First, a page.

The Honolulu Advertiser

October 18, 2004


During the presidential debates, President Bush suggested his ideal of a Supreme Court justice would be one who does not legislate but simply interprets the Constitution according to how it was written.

The full flower of this thinking is the judge who is a “strict constructionist,” taking the Constitution at its word.

Yet even the most conservative judge is affected by, and takes into account, the changing political, social and scientific world in which he or she lives.

That point is dramatized by a case soon to be decided by the U.S. Supreme Court. It involves the execution of juveniles.

The case before the Supreme Court today deals with a heinous crime involving a Christopher Simmons, who was 17 when he tied up, gagged and threw into the river an elderly woman he and a companion had just robbed.

But the issue before the court is not whether Simmons, now in his late 20s, should be punished for the crime. The question is whether that 17-year-old who committed the crime should be put to death.

Our hope is that the Supreme Court will conclude, rightly, that he should not. The court has already found that executing the mentally incompetent amounts to “cruel and unusual” punishment prohibited by our Constitution.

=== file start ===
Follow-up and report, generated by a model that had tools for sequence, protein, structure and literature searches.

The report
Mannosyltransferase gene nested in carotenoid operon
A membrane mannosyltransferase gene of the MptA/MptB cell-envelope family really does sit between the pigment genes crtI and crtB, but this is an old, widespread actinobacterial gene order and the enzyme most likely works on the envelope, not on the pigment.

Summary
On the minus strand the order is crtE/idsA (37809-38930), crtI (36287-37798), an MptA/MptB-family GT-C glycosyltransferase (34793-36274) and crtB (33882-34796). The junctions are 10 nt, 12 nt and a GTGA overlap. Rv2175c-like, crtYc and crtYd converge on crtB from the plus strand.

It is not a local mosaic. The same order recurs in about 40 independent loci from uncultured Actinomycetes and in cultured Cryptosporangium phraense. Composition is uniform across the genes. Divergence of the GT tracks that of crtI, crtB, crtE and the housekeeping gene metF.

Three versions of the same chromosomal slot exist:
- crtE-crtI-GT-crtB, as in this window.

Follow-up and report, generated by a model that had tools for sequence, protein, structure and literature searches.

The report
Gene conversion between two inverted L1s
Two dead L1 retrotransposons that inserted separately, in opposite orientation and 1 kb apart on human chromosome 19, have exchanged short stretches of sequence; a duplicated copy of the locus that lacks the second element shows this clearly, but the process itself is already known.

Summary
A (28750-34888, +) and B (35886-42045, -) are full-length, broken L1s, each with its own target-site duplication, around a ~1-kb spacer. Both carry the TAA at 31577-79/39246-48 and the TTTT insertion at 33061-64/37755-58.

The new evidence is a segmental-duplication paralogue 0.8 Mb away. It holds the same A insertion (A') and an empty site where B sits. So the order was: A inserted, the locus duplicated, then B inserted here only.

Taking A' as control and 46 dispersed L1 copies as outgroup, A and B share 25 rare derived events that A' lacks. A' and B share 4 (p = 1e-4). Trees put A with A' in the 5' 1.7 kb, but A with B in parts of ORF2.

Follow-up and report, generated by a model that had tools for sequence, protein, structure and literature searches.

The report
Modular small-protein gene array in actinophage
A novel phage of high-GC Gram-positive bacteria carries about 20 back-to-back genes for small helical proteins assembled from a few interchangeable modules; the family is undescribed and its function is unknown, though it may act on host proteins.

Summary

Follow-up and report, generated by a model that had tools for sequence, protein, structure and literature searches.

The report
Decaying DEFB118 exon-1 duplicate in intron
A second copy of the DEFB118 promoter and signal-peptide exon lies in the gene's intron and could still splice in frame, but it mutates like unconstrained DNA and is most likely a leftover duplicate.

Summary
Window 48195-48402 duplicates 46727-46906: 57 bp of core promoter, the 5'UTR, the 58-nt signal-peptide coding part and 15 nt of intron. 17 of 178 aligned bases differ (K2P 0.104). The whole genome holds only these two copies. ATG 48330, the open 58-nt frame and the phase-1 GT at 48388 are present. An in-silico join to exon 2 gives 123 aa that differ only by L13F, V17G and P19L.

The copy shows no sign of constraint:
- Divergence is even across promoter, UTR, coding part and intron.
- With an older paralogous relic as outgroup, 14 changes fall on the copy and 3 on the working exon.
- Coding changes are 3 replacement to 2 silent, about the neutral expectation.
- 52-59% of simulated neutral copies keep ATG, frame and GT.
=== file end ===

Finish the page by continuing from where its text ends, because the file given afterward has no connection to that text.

Unusual certainly fits the bill here, too. Already, 28 states forbid the execution of 16- and 17-year-olds. Internationally, only a handful of nations such as Congo, China, Iran, Nigeria and Yemen, allow the execution of juveniles.

Further, scientific evidence is increasingly clear that young people clinically lack the judgment and mental maturity to make rational decisions. Our law already recognizes that. It does not allow, for instance, those younger than 18 to drink, serve as combatants in the military or vote.

Yet we think they are mature enough to be put to death for their actions? It makes no sense.

There are more than 72 juveniles (or, mostly former juveniles) on death row today. With all respect to their victims, the lives of these people should be spared.


The Honolulu Advertiser